Status: Not Free
Legal Environment: 20
Political Influences: 26
Economic Pressures: 19
Total Score: 65

Population: n/a
GNI/capita: n/a
Life Expectancy: 68
Religious Groups: Eastern Orthodox (98 percent), Jewish (1.5 percent), other [including Baptist] (0.5 percent)
Ethnic Groups: Moldovan/Romanian (64.5 percent), Ukrainian (13.8 percent), Russian (13 percent), Bulgarian (2 percent), Jewish (1.5 percent), other [including Gaguauz] (5.2 percent)
Capital: Chisinau

Despite President Vladimir Voronin's repeated calls for media freedom, critics continue to deplore government interference in Moldovan media. The constitution guarantees freedom of speech and of the press, but legislation prohibiting defamation of senior officials and insults against the state impinges on these freedoms. The parliament decriminalized libel in April, helping to move Moldova toward international standards. However, fines for libel under the civil code remain unlimited, and prosecuted media outlets continued to receive penalties of more than US$100,000 each in 2004. In July, the Supreme Court dropped two lawsuits brought by journalists who were denied access to information.

Events at Teleradio-Moldova, the former public broadcaster, dominated the media landscape in 2004. In February, the government decided to dismiss all staff members, a move criticized as a means of allowing the government to get rid of disloyal journalists. As the rehiring process got under way, journalists complained about discrimination and lack of transparency in procedures, and protests continued through the end of the year. Domestic and international observers accuse Teleradio-Moldova of pro-government bias. The broadcast licenses of independent Chisinau stations Antena C Radio and Euro TV were temporarily revoked in February; officially the stations had not been properly registered, but critics accused the government of targeting the stations because they do not back the president. Investigative journalist Alina Anghel of the weekly newspaper Timpul was attacked with a metal bar in June, the day before she was due to testify in a libel case against her paper for an article she wrote. She said she had previously received threatening phone calls and did not recognize the men officials eventually arrested for the crime, which was called a simple robbery.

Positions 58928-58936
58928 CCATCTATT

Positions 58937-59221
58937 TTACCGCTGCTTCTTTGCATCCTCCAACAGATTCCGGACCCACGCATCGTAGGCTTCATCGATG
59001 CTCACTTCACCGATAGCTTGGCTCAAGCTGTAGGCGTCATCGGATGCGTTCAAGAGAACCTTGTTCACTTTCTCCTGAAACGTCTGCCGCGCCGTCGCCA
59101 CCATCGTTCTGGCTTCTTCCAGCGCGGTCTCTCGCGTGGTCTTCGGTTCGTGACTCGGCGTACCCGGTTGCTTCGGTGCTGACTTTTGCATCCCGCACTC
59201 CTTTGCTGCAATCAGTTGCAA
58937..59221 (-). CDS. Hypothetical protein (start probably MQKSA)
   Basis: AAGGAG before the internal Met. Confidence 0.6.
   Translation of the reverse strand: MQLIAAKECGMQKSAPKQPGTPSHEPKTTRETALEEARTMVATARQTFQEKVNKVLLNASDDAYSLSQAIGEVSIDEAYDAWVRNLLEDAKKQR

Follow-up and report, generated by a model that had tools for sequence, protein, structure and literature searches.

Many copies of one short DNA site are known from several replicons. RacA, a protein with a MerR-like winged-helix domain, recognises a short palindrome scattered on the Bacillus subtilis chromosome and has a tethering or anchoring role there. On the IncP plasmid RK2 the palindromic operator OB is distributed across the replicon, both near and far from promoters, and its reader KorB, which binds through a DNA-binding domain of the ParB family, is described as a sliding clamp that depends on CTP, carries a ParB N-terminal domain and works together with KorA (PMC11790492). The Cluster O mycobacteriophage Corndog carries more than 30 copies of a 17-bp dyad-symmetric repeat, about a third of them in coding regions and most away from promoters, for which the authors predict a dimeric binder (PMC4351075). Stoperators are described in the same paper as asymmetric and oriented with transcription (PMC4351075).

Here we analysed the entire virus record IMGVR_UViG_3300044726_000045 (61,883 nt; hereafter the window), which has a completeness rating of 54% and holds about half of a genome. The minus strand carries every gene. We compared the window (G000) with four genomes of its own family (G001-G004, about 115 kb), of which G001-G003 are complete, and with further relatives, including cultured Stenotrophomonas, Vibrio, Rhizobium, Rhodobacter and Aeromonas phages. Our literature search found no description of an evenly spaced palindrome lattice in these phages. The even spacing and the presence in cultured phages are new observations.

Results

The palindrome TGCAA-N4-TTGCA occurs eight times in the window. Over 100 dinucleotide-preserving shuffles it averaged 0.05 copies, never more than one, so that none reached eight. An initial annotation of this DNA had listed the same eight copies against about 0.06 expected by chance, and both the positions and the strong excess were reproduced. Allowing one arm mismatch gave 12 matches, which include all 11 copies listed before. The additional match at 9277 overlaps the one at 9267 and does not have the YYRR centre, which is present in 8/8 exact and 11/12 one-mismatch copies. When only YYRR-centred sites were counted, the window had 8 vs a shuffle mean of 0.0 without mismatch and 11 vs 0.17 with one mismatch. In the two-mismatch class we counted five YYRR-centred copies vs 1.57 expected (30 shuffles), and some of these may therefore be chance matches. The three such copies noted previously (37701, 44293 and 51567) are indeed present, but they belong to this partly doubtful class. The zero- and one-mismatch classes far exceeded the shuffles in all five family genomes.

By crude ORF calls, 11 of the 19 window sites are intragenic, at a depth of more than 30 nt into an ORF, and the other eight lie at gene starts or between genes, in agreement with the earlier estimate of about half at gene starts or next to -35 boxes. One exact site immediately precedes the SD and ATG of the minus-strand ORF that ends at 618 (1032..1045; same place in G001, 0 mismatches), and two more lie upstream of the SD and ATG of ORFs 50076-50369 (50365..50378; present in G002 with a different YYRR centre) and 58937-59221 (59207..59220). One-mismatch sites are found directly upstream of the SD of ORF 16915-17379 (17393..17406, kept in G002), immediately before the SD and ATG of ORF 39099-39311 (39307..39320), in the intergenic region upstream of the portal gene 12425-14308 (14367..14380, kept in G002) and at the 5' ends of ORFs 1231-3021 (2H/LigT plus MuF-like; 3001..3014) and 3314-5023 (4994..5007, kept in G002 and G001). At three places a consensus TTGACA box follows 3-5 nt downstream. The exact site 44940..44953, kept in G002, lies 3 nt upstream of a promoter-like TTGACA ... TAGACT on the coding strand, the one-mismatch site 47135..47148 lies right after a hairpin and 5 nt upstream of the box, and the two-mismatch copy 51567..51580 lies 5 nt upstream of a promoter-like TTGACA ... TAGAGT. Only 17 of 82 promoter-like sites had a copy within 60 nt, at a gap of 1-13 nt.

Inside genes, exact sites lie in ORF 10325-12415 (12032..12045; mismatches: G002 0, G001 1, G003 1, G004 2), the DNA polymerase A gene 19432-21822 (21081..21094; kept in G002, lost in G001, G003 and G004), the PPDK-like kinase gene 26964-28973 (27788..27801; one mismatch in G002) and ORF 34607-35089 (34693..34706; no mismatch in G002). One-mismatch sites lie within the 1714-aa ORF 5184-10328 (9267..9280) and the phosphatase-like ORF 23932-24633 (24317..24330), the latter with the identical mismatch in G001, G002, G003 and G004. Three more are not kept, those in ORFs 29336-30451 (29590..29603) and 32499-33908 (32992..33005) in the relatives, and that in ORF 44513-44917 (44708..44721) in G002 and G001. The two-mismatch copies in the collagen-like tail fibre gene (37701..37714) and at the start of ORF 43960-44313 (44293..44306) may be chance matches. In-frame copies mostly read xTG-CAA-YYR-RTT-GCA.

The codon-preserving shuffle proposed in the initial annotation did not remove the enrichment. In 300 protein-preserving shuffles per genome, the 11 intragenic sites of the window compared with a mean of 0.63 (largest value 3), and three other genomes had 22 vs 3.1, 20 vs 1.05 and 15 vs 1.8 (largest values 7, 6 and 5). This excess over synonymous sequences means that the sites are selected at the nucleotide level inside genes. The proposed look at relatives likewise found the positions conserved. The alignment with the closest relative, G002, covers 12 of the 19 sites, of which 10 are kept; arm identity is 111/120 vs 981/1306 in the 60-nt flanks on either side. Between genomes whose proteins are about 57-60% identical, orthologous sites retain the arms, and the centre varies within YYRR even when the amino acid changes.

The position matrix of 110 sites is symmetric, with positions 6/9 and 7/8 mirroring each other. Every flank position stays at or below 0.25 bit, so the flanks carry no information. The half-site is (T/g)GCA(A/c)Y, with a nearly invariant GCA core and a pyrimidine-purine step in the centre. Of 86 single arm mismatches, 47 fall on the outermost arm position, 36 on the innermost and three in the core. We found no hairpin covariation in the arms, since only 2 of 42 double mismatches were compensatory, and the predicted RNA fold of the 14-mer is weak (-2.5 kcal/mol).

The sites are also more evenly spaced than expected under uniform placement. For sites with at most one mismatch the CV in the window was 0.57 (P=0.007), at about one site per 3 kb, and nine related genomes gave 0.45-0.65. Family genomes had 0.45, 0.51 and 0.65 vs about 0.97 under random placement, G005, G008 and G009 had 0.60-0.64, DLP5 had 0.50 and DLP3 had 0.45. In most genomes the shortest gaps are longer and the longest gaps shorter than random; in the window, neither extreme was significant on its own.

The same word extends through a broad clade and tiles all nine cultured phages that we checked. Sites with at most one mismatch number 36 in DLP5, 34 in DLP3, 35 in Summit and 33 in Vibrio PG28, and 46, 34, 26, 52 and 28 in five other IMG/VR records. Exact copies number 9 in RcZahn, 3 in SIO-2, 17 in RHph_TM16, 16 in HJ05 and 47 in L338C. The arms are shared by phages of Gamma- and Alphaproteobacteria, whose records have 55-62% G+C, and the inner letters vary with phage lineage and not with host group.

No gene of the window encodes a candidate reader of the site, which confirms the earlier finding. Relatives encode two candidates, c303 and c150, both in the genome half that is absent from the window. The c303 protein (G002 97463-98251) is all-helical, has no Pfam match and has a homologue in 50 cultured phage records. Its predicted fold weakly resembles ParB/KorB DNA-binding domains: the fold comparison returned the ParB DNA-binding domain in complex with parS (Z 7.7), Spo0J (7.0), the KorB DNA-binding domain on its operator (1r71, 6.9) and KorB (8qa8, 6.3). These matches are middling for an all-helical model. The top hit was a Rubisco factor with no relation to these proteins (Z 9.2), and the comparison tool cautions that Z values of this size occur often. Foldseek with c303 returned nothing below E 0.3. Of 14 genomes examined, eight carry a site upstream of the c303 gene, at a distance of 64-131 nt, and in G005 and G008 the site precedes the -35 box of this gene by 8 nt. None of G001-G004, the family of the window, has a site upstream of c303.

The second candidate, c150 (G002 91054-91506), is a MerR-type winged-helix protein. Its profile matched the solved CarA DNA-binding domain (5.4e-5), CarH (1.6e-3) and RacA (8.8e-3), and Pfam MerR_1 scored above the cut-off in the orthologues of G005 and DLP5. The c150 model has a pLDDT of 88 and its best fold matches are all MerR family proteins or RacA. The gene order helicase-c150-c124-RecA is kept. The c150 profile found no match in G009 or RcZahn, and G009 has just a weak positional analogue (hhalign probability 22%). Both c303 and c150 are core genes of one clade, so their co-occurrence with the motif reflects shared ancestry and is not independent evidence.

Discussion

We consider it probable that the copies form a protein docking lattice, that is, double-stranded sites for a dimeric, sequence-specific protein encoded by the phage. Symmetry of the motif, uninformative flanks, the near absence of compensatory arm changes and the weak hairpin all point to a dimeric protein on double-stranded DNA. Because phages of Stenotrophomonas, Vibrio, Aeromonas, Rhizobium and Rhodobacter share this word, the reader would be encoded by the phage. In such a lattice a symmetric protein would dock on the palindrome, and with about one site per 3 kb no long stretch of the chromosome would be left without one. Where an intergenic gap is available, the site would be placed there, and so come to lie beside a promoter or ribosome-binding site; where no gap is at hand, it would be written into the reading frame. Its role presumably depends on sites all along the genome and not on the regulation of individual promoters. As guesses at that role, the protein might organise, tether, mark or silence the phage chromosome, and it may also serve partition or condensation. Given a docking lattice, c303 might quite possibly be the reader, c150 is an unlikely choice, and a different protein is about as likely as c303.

The print media express diverse political views, and the number of private media outlets grew this year. However, the majority of print and broadcast media outlets are financed directly or indirectly by various political or ethnic interests, and the law prohibits foreign investment in domestic publications. Instead, foreign-supported publications are financed through "foundations." Only Teleradio-Moldova's television station broadcasts nationwide. All Moldovan media suffer from a lack of professionalism, including subjective reporting, and self-censorship is common. Authorities in the breakaway region of Transnistria maintain tight control of media there. In September, a cameraman from TV Moldova 1 was imprisoned in Transnistria for one week.

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